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In Part 1 of this series, we looked broadly at how best practices for equity assessments and strategies and barrier and burden reduction can help states and local health departments, social service agencies, and federal human services programs serve some of the nation’s most underserved populations.

This article looks more closely at two specific best practices: procurement and contracting; and stakeholder and community engagement.

Procurement and contracting

Throughout the contracting process, agencies and programs can drive equity in myriad ways. One important way to drive equity is to include standard diversity and inclusion language in government contracts. Another tactic is to develop a procurement equity framework and expectations that are well-defined, widely shared, updated, and evaluated as needed. Policies should be clear about efforts to overcome past discrimination to ensure contracting equity. Regulations, policies, and practices should be examined with equity tools to guarantee that complex and systemic barriers are eliminated for small and diverse firms.

Strategies to infuse diversity, equity, and inclusion throughout the procurement and contracting process should be implemented and assessed to ensure each step is implemented in a non-biased way. Once a best practice is achieved, contracting equity programs should collaborate with other jurisdictions and share their protocols with their networks to replicate it in other agencies and jurisdictions.

Race and gender-neutral procurement strategies can be implemented by requiring minority-owned sub-contracts at relatively low contract prices, requiring inclusion plans for prime contractors, and removing any type of barriers for these types of contractors. Contracts should encourage preferences for small businesses by introducing incentives such as bid discounts for prime contractors which partner with small businesses.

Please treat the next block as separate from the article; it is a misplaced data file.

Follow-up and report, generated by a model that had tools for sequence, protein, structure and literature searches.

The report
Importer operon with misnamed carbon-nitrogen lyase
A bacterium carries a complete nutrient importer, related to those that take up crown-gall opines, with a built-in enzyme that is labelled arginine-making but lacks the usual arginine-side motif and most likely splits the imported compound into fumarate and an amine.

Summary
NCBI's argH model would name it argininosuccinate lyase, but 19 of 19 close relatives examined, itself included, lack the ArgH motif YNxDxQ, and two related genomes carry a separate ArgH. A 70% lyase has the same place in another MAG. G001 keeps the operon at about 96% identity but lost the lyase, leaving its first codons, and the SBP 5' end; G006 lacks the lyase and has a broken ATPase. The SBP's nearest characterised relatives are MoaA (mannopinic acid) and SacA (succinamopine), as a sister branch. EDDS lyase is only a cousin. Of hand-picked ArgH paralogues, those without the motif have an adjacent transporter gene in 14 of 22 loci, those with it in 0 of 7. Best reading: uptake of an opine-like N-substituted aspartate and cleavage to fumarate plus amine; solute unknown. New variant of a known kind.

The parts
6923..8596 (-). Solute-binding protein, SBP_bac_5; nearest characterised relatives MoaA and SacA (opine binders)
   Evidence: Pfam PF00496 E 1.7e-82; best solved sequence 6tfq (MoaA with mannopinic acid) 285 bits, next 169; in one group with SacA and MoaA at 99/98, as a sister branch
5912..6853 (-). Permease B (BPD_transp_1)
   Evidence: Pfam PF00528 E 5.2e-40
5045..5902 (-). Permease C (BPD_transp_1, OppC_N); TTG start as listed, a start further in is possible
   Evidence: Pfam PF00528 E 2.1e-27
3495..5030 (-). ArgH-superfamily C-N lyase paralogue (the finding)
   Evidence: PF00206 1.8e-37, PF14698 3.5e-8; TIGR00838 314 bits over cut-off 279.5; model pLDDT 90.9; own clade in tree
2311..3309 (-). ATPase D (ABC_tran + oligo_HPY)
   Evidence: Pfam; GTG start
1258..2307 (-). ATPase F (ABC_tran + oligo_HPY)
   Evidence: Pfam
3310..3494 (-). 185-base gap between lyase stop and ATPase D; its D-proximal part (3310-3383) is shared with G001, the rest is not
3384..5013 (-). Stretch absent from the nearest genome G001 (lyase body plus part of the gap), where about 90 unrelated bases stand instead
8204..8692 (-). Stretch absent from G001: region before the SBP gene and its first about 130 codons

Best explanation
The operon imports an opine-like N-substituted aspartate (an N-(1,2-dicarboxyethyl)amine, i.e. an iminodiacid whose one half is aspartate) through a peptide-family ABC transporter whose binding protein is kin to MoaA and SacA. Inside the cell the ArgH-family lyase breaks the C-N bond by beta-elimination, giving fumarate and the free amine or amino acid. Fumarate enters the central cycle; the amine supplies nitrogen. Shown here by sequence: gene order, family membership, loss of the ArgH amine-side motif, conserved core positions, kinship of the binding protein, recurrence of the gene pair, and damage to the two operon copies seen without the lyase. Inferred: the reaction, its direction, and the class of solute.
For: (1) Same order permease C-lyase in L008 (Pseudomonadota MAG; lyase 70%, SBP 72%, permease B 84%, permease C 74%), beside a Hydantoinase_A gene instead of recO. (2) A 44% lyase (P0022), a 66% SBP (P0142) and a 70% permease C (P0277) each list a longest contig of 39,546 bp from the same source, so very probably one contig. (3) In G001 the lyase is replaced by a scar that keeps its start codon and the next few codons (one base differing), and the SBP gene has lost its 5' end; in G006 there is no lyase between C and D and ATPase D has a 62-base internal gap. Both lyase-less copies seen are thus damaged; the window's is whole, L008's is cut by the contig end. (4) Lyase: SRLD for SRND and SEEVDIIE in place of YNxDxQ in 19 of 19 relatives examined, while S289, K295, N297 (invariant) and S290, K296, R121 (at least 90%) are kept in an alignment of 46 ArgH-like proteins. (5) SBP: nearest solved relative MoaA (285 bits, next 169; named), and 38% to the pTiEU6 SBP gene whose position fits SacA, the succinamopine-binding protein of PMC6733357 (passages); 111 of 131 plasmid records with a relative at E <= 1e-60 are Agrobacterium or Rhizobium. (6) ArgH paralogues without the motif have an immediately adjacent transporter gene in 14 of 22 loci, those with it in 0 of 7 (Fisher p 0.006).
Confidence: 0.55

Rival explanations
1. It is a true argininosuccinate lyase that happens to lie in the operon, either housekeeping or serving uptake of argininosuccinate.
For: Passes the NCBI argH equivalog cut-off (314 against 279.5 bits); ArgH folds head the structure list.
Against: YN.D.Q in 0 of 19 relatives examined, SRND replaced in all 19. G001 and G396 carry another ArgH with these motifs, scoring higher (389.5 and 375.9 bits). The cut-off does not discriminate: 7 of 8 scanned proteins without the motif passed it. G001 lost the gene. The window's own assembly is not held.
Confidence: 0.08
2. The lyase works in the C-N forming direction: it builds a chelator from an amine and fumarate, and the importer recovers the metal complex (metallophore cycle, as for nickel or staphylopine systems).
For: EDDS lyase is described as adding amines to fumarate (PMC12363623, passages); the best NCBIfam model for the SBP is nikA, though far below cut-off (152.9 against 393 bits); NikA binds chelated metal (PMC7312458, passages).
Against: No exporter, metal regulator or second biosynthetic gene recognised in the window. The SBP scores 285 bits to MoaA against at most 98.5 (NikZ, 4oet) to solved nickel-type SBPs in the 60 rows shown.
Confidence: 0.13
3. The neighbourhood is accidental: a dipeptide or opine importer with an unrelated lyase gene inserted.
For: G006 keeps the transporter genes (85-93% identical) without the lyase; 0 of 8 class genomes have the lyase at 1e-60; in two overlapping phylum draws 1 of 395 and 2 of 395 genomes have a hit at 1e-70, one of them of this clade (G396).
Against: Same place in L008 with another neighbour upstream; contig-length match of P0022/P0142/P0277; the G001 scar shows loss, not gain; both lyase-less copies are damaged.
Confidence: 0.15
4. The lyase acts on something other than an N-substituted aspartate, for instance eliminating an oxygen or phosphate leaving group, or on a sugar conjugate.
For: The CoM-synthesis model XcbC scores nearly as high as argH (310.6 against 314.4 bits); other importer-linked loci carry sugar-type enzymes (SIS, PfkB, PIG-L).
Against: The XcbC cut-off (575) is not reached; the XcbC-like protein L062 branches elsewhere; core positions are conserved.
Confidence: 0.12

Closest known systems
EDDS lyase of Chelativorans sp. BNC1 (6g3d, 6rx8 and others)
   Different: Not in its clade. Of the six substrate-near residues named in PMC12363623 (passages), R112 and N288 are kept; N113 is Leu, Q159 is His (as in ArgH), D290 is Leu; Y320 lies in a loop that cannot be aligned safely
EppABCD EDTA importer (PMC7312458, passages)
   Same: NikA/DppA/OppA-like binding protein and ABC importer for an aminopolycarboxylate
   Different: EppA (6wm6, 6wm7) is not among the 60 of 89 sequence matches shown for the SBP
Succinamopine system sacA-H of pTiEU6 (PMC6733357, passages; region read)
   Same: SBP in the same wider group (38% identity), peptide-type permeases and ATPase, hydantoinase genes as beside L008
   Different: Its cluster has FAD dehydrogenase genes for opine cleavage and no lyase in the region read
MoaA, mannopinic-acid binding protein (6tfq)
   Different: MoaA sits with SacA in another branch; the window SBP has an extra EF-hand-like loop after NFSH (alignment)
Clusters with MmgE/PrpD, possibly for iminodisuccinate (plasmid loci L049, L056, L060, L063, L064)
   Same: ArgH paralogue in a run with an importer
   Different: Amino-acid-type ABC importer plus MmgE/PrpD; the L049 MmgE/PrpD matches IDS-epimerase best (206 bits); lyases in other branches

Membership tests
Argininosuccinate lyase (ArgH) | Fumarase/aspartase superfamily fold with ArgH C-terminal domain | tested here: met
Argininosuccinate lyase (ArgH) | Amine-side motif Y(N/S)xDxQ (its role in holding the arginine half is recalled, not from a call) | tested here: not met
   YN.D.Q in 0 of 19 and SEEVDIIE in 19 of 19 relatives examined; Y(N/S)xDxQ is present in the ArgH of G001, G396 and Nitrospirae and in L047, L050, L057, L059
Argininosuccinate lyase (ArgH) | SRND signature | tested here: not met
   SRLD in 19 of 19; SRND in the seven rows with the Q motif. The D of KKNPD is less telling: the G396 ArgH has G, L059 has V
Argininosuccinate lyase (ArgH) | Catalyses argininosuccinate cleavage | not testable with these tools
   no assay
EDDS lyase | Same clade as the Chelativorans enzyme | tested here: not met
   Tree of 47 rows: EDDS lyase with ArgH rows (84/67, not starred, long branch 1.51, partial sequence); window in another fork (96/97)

Stakeholder and community engagement

Close partnerships with community-serving organizations and community leadership across the country are essential to create resilient communities, build trust, address inequities, and better serve disadvantaged communities.

Agencies and programs should work to expand existing collaboration with community organizations by strengthening communication channels, providing valuable funds and in-kind resources, and building trusted relations with new partners working with social, religious, racial representatives and groups. In return, these organizations can improve their services by collecting vital data and leveraging their partners for data analytics and opportunities to better understand and extend particularly effective interventions in focused and timely ways.

Community capacity building and engagement are important to develop, implement, and continuously improve effective infectious disease prevention and control efforts and other health and human service programs. Early, frequent, and sustained discussions with communities are critical for understanding socio-cultural contexts, building rapport and trust, and developing culturally appropriate service delivery strategies.

To be sure, these best practices require intentional and intensive planning and execution, sustained monitoring, quality improvement and evolution, and dedicated and committed teams. But advancing health equity and support for underserved communities is both a national priority and a moral imperative that requires deep collaboration between the public and private sectors as well as the medical, academic, and vulnerable communities.

To learn more about how Maximus works to help agencies and programs holistically address health inequities, visit our Public Health practice here.